As I mention in my intro to Style Invitational Week 1354, Hall of Fame Loser Jesse Frankovich noted to me recently that last year’s As the Word Turns word grid, Week 1294, was especially short on vowels, making it harder to “discover” lots of neologisms by snaking through it. So I made an effort to vowel it up this year: For the list of words that I fed into the generator at Puzzle-Maker.com, I looked for ones that were at least half vowels (including Y), starting with “onomatopoeia” (the Royal Consort’s suggestion); then finding a page for Scrabble aficionados featuring words with lots of vowels; then just leafing through a print dictionary (those things do come in handy!); then resorting to the random word generator I’ve used in the past.

Then I clicked on Build Puzzle and ta-da — a grid that didn’t quite fit the dimensions I needed for the print page in the Arts & Style section. (The tool builds the smallest puzzle it can that accommodates the word list you feed it.)

There must be a setting somewhere to specify instead how big you want the grid, but it was easy enough to just add and subtract words a few times until I ended up with this week’s 20-by-20 square. Here are the words I used — and if you were to produce some hilariously brilliant definition for any of them, you’re certainly free to use it as an entry.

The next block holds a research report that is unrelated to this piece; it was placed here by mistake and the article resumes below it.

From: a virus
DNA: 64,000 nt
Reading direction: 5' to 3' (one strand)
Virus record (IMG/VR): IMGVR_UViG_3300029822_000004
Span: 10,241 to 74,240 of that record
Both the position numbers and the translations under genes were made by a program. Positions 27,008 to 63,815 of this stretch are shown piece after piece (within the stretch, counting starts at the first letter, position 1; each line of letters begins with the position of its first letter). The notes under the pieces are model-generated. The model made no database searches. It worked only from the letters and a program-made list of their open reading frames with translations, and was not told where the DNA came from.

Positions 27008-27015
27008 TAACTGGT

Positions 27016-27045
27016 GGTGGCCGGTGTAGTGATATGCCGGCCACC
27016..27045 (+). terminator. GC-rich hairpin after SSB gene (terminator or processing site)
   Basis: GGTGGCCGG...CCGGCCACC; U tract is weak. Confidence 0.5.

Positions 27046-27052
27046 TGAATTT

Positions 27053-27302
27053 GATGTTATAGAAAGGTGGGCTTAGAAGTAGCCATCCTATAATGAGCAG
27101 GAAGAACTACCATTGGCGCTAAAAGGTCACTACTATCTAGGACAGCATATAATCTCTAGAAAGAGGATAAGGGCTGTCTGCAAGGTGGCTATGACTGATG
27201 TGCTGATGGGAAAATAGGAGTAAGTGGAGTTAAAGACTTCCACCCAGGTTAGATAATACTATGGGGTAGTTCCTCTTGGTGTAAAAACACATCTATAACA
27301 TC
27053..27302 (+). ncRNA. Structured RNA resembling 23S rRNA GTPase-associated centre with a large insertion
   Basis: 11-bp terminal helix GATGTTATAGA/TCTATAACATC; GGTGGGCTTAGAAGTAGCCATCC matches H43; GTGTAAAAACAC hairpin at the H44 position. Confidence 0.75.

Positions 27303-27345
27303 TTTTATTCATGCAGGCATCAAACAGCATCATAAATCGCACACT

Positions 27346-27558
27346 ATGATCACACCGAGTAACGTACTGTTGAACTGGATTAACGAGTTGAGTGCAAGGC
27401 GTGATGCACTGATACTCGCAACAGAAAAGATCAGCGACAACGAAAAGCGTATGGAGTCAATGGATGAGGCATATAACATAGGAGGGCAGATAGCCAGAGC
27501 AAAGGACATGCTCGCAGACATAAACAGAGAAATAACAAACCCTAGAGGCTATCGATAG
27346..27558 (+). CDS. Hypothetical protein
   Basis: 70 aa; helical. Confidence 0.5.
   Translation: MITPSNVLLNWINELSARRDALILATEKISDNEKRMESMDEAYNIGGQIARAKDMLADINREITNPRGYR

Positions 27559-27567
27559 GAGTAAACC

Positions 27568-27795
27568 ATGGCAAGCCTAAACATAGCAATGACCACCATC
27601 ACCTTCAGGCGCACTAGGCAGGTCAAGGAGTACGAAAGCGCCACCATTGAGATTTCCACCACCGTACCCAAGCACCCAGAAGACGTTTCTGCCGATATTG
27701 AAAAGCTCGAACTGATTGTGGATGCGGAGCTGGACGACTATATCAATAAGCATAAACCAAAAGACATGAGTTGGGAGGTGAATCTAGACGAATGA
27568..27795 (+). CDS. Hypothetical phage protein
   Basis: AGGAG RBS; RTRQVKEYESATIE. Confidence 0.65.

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examinee, hemiparasite, physiology, eleemosynary, lanceolate, aqueous, ipomoea, nouveau, aquaria, zooecia, aureolae, quinoa, boohoo, opioid, aikido, pityriasis, intrauterine, epopoeia, ouguiya, castigatory, style (added at the end to make the grid fit just right), dentilabial, nepheline

So what’s the upshot? After I posted Week 1354 this morning, Jesse sent me a message: “Grid looks pretty good on first glance. I think the issue with the vowel percentage is that after your words are placed all the leftover spots get filled with consonants. So if you only submitted “cat” there would be that one A and 399 consonants. So you just need to submit enough words to fill up most of the grid and it will naturally work out. Anyhow, choosing vowel-heavy words seems to have worked well too. It’s about 35% vowels (English average is around 40%; I think the past grids may have been something like 20% or less). </dorkanalysis>”